Weight loss plateaus: what to do?

You’ve been making an effort to lose weight and you've been doing well. But then your weight loss just stops. While this can be discouraging, don’t despair. You may have hit a weight loss plateau. In this article, we’ll explain why it happens, and what you can do avoid around it.

What is a weight loss plateau?

Weight loss plateaus are a normal part of losing weight. Even if you still pay careful attention to your diet and exercise, your weight loss can stall. If you notice your weight loss has virtually ground to a halt, and you have been stuck on the same weight for a few weeks, you could be experiencing a plateau.

Why do plateaus happen?

Bupa Dietitian Gemma Cosgriff says plateaus occur because our body is very good at adapting to changes, particularly when it comes to the amount of fuel our body requires for our day-to-day needs.

When we reduce energy intake, increase physical activity, or do both for a consistent period of time, we should experience weight loss. Unfortunately our body will notice this change and want to get back to normal.

“Our body likes to remain in a state of homeostasis – that is, keeping as stable as possible, particularly through our physiological processes,” she says.

“This means the body will start to store energy more efficiently, and become more efficient when performing physical activity. This can then result in us no longer losing weight.”

Plateaus can happen a number of times throughout the weight loss journey, particularly if you have a large amount of weight to lose.
Helathy meal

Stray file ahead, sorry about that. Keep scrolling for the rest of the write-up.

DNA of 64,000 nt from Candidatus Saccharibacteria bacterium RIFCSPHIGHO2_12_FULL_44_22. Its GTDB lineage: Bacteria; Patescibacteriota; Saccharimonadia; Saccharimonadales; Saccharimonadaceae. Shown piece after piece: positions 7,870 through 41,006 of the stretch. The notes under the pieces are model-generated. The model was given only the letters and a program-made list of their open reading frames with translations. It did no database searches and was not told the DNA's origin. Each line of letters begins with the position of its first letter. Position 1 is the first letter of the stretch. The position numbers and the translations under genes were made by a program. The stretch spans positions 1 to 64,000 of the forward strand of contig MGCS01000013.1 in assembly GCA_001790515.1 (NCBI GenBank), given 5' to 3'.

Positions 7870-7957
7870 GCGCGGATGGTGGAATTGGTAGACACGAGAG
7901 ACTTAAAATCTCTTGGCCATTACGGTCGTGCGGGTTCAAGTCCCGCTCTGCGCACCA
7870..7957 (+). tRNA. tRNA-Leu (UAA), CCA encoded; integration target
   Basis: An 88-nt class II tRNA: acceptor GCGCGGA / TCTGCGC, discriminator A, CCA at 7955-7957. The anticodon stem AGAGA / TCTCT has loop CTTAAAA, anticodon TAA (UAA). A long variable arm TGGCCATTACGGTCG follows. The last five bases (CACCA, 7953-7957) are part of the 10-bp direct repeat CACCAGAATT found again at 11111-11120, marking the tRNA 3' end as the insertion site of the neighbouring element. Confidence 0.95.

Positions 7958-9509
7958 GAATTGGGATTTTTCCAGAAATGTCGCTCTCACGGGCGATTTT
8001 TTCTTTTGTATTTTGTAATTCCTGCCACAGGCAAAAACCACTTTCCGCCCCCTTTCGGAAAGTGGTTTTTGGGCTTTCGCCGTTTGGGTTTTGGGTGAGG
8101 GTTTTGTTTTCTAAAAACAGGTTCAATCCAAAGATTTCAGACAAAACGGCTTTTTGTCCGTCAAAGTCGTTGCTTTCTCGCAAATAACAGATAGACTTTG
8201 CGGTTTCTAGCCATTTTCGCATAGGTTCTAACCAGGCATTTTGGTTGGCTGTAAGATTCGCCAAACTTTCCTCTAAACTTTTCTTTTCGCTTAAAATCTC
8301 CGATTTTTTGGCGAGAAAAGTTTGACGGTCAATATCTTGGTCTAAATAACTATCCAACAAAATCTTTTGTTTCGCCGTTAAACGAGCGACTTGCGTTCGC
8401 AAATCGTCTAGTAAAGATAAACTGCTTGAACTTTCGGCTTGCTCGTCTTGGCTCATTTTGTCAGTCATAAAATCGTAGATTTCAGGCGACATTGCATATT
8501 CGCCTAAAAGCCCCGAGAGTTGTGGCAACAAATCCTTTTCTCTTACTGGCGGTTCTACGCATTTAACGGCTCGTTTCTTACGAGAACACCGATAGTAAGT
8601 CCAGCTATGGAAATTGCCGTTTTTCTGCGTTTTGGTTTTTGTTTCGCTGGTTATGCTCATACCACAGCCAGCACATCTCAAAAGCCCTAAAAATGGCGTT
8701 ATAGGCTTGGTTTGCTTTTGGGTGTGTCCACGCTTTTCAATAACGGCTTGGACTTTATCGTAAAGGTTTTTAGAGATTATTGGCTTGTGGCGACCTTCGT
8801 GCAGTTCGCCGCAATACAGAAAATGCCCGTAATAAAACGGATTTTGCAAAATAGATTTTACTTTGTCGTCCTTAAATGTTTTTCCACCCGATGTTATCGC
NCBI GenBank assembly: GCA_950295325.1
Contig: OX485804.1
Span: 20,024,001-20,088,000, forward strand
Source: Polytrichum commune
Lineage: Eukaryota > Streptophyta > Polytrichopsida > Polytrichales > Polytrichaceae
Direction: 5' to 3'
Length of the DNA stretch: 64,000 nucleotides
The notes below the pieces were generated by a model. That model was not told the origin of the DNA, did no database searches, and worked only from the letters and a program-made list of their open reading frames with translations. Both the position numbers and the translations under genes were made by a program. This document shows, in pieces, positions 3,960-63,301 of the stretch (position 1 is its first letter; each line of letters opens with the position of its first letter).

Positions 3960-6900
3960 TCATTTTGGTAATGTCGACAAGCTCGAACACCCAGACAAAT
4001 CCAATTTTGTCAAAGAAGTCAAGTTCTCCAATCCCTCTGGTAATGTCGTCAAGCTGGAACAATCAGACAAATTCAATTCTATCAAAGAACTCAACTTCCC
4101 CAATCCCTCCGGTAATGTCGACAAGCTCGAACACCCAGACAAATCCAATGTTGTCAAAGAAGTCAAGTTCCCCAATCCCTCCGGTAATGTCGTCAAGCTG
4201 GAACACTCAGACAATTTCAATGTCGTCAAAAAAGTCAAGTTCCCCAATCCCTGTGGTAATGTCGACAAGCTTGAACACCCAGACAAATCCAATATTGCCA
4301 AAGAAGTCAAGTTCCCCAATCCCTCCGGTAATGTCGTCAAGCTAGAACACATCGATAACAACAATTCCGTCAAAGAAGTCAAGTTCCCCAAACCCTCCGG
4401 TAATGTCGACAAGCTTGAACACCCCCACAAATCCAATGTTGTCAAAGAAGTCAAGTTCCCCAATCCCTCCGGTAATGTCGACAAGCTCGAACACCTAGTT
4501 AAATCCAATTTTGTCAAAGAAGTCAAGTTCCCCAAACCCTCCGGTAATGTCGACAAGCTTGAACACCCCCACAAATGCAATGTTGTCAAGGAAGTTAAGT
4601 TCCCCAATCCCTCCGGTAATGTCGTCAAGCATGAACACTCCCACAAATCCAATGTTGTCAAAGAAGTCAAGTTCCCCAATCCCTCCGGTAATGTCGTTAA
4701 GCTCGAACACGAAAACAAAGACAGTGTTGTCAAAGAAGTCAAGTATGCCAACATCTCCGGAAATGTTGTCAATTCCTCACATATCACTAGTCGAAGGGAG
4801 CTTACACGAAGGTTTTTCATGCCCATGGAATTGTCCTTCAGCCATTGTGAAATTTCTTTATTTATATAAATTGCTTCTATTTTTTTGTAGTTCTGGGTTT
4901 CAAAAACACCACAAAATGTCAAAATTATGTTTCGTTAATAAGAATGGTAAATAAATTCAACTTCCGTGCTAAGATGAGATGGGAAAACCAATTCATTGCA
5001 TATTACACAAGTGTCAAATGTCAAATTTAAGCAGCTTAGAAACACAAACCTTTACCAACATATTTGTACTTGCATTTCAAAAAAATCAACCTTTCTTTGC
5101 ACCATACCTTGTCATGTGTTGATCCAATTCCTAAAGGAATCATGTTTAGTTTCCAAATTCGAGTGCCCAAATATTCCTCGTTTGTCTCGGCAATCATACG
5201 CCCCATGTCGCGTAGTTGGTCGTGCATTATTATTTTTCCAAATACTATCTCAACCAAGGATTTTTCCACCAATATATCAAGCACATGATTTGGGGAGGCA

Shake up a plateau

Cosgriff says in order to break through the plateau and keep losing weight, you need to change things up to keep the body guessing. One way is to vary your exercise.

“Try to vary the types of activities you do. A good mix of aerobic, and particularly resistance (weight training) has been shown to increase muscle strength, which can help us to maintain lean muscle mass, and keep it as a high metaboliser of energy,” she says.

Cosgriff also recommends changing the time of day you train. That way your body doesn’t recognise a routine.

“Another tip is changing what you eat. Choose different vegetables, fruit, lean proteins and spices,” advises Cosgriff.

“Making slight modifications in what we usually eat, combined with other changes you’re making, can help to provide a noticeable change in weight.”

Her final tip is to add more general movement and reduce the amount of time spent sitting down during your day.

Take it slow and steady

As keen as you are to lose your weight, do it safely. A sustainable and healthy weight loss is around half to one kilogram per week.

Plateaus can take a few weeks to shift. As well as trying the strategies we’ve already mentioned, use this time to make sure your portion sizes haven’t increased and that ‘treat’ foods haven’t snuck back into your routine.

Sometimes you need to stay on course and be patient. Don’t let plateaus get the better of you. If you persevere, they will eventually shift, and you’ll be losing weight again.
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